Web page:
[Editor's note: This post was written by CBS News producer Paul Facey, who worked on the latest installment of "Where They Stand" with correspondent Ben Tracy. Check out Ben's blog from earlier today if you want more.]
A local realtor took us around an area called Summerlin, where "For Sale" signs dotted the lawns of newly-built homes. They were barely lived-in by their former owners who lost the houses to foreclosure. There were blocks lined with empty plots of land owned by investors now too nervous to build. Homes that once sold between $600,000 and $700,000 were now selling at bargain basement prices as low as $300,000. Meanwhile, several projects in Summerlin have been put on hold, including a brand new complex of luxury condos that went into bankruptcy before any of the residents moved in.
As we visited several Vegas neighborhoods, it was easy to see why the city is considered "ground zero" of the foreclosure debacle. Las Vegas has seven of the top 100 worst-hit zip codes in the nation, and foreclosure filings are up 83 percent from a year ago, according to RealtyTrac. While there are many reasons for the housing crisis, Las Vegas residents seem to put most of the blame on speculators who bought up properties hoping to make a quick profit and fraudulent mortgage lenders who preyed on unsuspecting home buyers. In realty, there's plenty of blame to go around – including the borrowers themselves.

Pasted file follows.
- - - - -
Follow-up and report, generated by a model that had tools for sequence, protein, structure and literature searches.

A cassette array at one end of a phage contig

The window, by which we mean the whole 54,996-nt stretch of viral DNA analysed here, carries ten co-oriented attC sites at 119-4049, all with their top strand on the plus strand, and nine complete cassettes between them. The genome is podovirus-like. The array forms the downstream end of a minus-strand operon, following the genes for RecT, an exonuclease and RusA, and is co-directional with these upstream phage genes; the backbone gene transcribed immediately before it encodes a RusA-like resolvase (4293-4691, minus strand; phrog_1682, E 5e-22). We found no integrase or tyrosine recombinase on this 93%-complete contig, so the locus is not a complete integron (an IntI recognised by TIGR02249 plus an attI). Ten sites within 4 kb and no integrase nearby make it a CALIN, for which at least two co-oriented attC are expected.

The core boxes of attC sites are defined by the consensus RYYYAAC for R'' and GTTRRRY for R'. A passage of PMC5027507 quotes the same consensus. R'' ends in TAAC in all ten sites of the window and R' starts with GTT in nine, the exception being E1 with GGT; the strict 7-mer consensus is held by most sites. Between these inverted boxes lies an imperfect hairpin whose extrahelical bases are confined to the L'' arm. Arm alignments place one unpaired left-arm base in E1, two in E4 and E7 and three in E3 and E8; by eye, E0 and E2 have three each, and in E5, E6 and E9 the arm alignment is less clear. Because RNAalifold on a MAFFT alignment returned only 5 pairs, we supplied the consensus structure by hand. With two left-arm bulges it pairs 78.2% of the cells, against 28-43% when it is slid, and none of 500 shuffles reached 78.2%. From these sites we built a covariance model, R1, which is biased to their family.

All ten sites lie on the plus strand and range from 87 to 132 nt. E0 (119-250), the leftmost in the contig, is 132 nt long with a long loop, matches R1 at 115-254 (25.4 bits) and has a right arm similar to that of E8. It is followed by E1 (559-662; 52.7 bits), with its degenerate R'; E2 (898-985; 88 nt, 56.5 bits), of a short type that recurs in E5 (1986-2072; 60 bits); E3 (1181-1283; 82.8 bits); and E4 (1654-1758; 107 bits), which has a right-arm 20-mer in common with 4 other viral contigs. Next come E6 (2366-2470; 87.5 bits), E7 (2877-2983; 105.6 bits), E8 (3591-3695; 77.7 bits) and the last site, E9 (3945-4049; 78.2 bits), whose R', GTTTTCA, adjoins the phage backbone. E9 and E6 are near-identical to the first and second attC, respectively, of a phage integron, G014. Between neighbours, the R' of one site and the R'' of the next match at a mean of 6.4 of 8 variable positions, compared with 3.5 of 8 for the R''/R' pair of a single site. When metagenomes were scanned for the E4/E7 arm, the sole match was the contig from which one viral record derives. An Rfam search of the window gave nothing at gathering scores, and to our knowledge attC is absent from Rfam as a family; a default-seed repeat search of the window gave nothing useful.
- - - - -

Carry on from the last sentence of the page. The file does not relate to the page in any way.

But as we spoke to struggling Vegas homeowners, one message came through loud and clear: Time is not on their side. They are looking for immediate help – either from the government or lenders willing to work out a deal. I don't proclaim to know the answer, but after covering this topic for nearly a year and witnessing firsthand the impact that abandoned foreclosed properties can have on an entire neighborhood, it's probably in everyone's best interest to figure out how to clean up this housing mess.
If you are facing foreclosure – or you know someone who is – there is a 24-hour national hotline for homeowners in need of help. It's called the Homeowner's HOPE Hotline. The number is 888-995-HOPE.
And don't forget to check out what we found in our piece about what the presidential candidates propose to do about the mortgage crisis. Just click here to read it, or check out all of the "Where They Stand" pieces to date.